Office of Faculty Development
Using Evidence to Teach (Scholarly Teaching)
Whether you are a scholar of biology, medieval history, or physics, you follow scholarly processes that are specific to your discipline. The scholarly process of teaching uses a social science approach similar to the process you used in doing research reports in college:
- define your needs(in this case, helping students reach learning objectives)
- consult the literature
- choose and implement methods
- document findings
- analyze results
- obtain feedback
- adapt teaching methods and learning experiences accordingly for the next time the course is taught
Since 1990, faculty, administrators, and faculty development professionals have been working to understand and implement what the Carnegie Foundation described as the four appropriate types of scholarship for the American faculty: the scholarships of Discovery, Integration, Application/Practice, and Teaching (Boyer, 1990). Unfortunately, the concept of a scholarship of teaching became mixed up with the act of teaching itself. Actually, two different activities are involved: scholarly teaching and the resulting scholarship (Richlin, 1993, 1998). Scholarly teaching and the Scholarship of Teaching and Learning (SoTL) are closely interrelated, but they differ in both their intent and product. Because both are vital to the life of the academy, it is necessary to clarify and operationalize each of them (Richlin, 1993, 2001).
Scholarly teaching is a method of designing and implementing a course or other teaching/learning activity to improve the learning of the students in the course. A scholarly instructor collects materials and reflects on observations throughout the course/experience, systematically documenting them. The best format for documenting observations is a course design portfolio. By concentrating on achieving student Learning objectives in an individual course, you can update your design each time you teach, based on what your students learned in the previous course.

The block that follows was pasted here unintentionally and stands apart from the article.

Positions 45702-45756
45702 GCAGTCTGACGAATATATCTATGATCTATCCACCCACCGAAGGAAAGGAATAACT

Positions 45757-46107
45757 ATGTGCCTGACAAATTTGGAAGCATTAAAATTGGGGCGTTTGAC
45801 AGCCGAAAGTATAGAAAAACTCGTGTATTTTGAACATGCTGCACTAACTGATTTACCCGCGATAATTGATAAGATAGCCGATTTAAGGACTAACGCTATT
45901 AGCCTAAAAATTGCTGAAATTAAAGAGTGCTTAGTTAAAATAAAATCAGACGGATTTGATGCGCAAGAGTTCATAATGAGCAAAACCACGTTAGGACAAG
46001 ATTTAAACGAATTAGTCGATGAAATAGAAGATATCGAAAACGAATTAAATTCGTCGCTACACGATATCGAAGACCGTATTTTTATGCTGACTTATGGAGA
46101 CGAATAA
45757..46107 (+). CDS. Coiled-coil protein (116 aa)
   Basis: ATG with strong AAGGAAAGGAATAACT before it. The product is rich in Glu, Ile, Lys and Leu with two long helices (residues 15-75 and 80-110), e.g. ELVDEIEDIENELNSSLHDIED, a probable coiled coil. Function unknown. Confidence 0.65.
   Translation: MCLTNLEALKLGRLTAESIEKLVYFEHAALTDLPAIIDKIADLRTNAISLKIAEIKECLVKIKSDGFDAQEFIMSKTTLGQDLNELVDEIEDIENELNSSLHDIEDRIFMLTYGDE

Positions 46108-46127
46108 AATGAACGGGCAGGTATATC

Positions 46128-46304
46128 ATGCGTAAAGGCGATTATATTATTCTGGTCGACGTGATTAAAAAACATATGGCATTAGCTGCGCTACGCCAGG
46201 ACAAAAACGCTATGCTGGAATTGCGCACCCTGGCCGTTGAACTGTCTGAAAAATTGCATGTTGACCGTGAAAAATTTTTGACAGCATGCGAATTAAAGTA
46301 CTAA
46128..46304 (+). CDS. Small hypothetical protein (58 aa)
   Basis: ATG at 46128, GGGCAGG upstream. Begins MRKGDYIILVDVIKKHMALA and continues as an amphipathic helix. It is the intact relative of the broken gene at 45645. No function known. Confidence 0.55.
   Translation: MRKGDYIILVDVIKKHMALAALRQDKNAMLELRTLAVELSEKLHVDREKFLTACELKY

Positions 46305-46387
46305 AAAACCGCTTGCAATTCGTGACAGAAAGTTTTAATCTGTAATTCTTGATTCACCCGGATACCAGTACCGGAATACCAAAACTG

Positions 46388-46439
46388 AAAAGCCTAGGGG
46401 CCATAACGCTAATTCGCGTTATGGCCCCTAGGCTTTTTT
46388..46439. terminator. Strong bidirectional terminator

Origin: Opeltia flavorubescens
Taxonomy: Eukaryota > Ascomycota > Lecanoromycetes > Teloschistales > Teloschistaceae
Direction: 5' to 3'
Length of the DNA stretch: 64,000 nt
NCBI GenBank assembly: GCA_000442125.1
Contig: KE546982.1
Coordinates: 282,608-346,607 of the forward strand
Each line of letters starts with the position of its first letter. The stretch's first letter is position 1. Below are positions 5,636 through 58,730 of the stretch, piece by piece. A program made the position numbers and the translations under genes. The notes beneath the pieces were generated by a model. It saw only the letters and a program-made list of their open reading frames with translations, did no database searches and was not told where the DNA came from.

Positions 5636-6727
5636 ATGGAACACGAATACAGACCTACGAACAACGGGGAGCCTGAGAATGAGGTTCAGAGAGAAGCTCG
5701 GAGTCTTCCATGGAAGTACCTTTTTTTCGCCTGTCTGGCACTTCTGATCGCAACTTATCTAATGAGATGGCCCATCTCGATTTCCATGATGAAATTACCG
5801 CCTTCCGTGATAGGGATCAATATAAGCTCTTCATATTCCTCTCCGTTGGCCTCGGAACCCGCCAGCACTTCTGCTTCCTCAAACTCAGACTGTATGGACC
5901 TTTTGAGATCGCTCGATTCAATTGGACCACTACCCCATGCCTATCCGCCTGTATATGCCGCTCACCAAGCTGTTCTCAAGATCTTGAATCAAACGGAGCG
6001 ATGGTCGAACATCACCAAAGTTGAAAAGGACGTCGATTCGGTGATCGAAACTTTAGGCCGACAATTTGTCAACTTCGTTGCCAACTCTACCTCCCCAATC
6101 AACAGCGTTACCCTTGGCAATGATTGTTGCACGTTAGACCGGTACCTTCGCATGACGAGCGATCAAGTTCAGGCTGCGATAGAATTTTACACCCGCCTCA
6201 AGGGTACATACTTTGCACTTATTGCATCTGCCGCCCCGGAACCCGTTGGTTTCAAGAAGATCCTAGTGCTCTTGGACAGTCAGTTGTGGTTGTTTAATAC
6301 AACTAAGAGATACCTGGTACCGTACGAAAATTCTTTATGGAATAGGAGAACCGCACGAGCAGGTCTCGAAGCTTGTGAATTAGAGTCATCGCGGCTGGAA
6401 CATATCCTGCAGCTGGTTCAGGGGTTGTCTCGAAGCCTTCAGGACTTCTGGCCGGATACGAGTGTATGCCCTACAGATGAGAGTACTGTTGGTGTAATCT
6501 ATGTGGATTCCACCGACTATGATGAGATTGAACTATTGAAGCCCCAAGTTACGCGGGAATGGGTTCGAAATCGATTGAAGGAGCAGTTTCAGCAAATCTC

After the course is over, you are able to analyze t he information you collected during the course. What types of questions did the students miss on tests? What parts of assignments confused the students? Was the level of the objectives, work, and grading appropriate for your students? Did you have the necessary resources? What adaptations will you make the next time you teach?
Submitting work for peer review is part of all scholarly processes. Teaching or course portfolios may be submitted to one’s department, a special campus committee, or peers at other institutions. The assessment of the course is focused on materials and student work and also may include observations of class sessions. This evaluation of teaching is more authentic than evaluations based on inputs such as counting the instructor’s use of examples or asking students to compare the course with other courses. Using the course portfolio enables you to compare your results to what you had observed before you began, in order to determine how well the teaching experiences you chose resulted in student learning.
The course portfolio completed in CDU OFD Academic Boot Camp documents scholarly teaching.